Anti-Vaxxers and Their Disregard for the Common Good

5 mins read

We were almost there — herd immunity. Then came the Delta variant. But the vaccines were working, providing strong protection against serious illness and death, and breakthrough cases were mild.  We now face a problem: an increase in deadly cases of COVID-19 and a return to wearing masks and social distancing. Why? The refusal of those who can be vaccinated to get the jab — the anti-vaxxers. They make up the vast majority of those getting hospitalized and dying. But they are also causing an increase in the number of children getting COVID-19, which stands at as many as 20% of new cases in some areas. Who are these anti-vaxxers?

The two biggest groups of anti-vaxxers are Republicans and white evangelical Protestants. But these groups may be overlapping — the latest data show that 29% of white evangelical Protestants claim to be Republicans. Now, many anti-vaxxers also claim that they are guaranteed a right by the Constitution, if not God, to choose not to be vaccinated, I will explain this fallacy  later.

Regardless of their reasoning, I find anti-vaxxers to be selfish and opposed to what political philosophers refer to as “the common good.” Our republic is built on this philosophy. To function as citizens in a cohesive nation, we must work together for the benefit of all. As conservative journalist Robert J. Samuelson wrote, “We face a choice between a society where people accept modest sacrifices for a common goal or a more contentious society where groups selfishly protect their own benefits.” It is not just political philosophy that encourages us to seek the common good. It is part of Christianity.

“Thou shalt love thy neighbor as thyself.” Matthew 22:39.

“Do to others as you would have them do to you.” Luke 6:31.

The purpose of getting vaccinated is not only to protect yourself; it is also to stop the spread of the virus to others. Eliminating the COVID-19 virus is for the common good, and that can only be achieved through massive vaccinations. Consequently, I believe that the white evangelical Protestants who are anti-vaxxers are nothing but a bunch of hypocrites and not very good Christians.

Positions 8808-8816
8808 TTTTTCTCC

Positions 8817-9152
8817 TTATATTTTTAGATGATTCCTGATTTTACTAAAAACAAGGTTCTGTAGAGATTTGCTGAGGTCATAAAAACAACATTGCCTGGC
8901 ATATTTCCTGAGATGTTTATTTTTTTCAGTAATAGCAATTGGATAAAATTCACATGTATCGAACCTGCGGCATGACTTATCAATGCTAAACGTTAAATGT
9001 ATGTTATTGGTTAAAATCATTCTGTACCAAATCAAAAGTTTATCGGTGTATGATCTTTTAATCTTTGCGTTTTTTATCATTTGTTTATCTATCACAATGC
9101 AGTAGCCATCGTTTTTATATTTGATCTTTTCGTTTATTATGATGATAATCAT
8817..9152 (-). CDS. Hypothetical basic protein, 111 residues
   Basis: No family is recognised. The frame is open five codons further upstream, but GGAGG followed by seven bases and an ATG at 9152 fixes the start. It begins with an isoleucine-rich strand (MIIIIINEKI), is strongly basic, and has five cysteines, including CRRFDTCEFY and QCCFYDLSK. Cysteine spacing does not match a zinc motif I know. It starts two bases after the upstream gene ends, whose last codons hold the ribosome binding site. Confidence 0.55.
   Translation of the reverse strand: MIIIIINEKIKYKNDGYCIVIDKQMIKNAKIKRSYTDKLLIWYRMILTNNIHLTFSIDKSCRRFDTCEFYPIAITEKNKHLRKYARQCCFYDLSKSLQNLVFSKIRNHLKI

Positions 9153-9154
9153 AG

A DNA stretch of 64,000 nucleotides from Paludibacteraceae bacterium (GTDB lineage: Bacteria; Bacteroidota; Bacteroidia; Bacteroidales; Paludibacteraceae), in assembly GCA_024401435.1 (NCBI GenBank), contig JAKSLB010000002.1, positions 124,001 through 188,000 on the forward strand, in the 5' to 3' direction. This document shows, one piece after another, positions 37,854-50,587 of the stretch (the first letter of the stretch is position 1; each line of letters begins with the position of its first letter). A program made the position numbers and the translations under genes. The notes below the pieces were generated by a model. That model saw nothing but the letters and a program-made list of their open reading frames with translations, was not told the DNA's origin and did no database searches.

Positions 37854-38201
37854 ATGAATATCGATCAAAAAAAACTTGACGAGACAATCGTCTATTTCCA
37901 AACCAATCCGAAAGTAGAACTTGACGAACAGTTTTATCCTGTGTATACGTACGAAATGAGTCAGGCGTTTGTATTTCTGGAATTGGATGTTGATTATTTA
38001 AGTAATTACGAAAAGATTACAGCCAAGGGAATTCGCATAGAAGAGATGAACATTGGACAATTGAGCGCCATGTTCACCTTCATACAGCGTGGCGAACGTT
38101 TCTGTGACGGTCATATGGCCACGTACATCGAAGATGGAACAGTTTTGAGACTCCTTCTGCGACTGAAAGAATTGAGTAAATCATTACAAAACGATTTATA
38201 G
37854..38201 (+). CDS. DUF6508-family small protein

As for the Republican anti-vaxxers, they seem to have a false notion of freedom. Our freedoms are limited in many ways that are related to the common good. Mike Treder eloquently defined freedom in his “Meaning of Freedom” essay: “Certainly, freedom does mean the right to do as one pleases — to think, believe, speak, worship (or not worship), move about, gather, and generally act as you choose —but only until your choices start to infringe on another person’s freedom.” Even many libertarians are supportive of compulsory vaccinations.

Jessica Flanigan, a University of Richmond professor known for libertarian writings on bioethics, wrote, “People are not entitled to harm innocents or to impose deadly risks on others… Religious freedom and rights of informed consent do not entitle non-vaccinators to harm innocent bystanders, and so coercive vaccination requirements are permissible for the sake of the potential victims of the anti-vaccine movement.” Another libertarian, Georgetown University professor Jason Brennan, wrote, “[P]eople who refuse vaccinations violate…  a moral principle that prohibits people from participating in the collective imposition of unjust harm or risk of harm. In a libertarian framework, individuals may be forced to accept certain vaccines… because anti-vaxxers are wrongfully imposing undue harm upon others.”

Every day the Delta variant is making more people ill and claiming more lives. If individuals refuse to act, then private and public organizations should require vaccinations as a condition of employment and entrance. Perhaps then, we can eventually put an end to this scourge for the common good.

Image by Gerd Altmann from Pixabay

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Dr. Hank Cetola is a Professor Emeritus at Adrian College, Adrian, MI, and the founder of Lenawee Indivisible. He can be reached at

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